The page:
• The actions of the superpowers and other governments in the region, and especially those of Russia, the United States and Turkey, also undercut Iran’s ability to realize its aim of regional hegemony and frustrate its hope of forging eastern Syria and western Iraq as parts of its sphere of influence. In Syria, Russia has become the dominant player, and Iran has had to settle for a secondary role in the military and political developments that have occurred over the past year (which creates tensions in the relationship between Iran and Russia). Another actor competing with Iran in Syria (and beyond) is Turkey, which wishes to play a central role in combatting ISIS and shaping the political deals concerning Syria’s future. In addition, it is likely that Sunni Turkey will view increasing Shi’ite influence spearheaded by Iran as harmful to its interests.
  • Iran’s efforts to gain influence in this arena may lead to greater strife with the United States, especially during the Trump presidency. Iran eyes with concern American activity against Syrian regime forces and sees it as a new phase in the battle to shape Syria in the day after ISIS and as an “American plot,” which aims to curtail Iranian influence. In addition, the Iranian presence in Syria increases the likelihood of friction with Israel and may lead to an escalation between the two countries at a timing that is not suitable for Iran.
  • Inside Iran, Iranian involvement in Syria too poses a challenge. The prolonged military operations in Syria continue to exact a heavy human toll and financial cost from Iran, which at time arouse internal criticism. In addition, Iran’s drive for hegemony in the Middle East may require it to increase its “investments” in Syria, Iraq, Lebanon and other arenas of contestation with the Sunni Arab states, headed by Saudi Arabia and with the United States. The expansion of Iranian investments in personnel and other resources in the various loca of conflict may re-ignite domestic criticism.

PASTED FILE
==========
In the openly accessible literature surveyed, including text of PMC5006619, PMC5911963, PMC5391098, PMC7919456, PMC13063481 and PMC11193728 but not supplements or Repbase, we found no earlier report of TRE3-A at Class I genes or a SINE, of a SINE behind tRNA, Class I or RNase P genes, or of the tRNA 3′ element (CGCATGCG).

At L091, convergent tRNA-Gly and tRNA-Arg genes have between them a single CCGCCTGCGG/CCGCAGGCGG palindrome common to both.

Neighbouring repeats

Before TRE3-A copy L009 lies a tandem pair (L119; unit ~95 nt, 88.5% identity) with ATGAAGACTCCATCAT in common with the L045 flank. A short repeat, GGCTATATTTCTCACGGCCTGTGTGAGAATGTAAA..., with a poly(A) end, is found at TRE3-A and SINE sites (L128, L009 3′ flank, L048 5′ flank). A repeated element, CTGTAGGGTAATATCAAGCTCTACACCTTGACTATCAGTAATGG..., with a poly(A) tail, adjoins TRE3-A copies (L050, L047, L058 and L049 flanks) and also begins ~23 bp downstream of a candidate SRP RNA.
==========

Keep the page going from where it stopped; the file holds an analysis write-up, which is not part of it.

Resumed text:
The Iraqi Facet
  • ISIS’ debilitating loses create new opportunities for Iran to expand its influence in Iraq. Unlike in Syria, Iran’s direct military presence in Iraq is extremely limited and is primarily based on the Iraqi Shi’ite militias (“the Popular Mobilization Committee”, PMC), some of which operate under direct or indirect patronage of the IRGC. These militias play an important role in the domestic arena in Iraq, which may even increase following the end of the campaign against ISIS, when they demand their place in the new political order in Iraq. It appears that some of the militias are loyal to Iran and it appears that the ability of the central government in Baghdad to impose its will on them is in doubt.
  • Iran sees its involvement in Iraq as an essential mean for maintaining its influence in the country and preventing American presence and influence there, which are perceived by Iran as a threat to its national interests. According to Tehran, ISIS’ enfeeblement may accelerate the confrontation against the United States over power in Iraq. Iran strives to neutralize American influence in Iraq, which has increased during the campaign against ISIS, and especially during the battle for Mosul.
  • As with its policy in Syria, Iran is moving to increase its influence in Iraq in the economic, cultural and religious spheres as well. Iran invests great efforts in augmenting the volume of trade with Iraq, it has taken over several oil fields in the border region with Iraq, and Iran may assist in rebuilding the areas captured from ISIS. Iran is also pursuing efforts to increase its religious influence in the Iraqi cities considered holy by the Shi’ite community.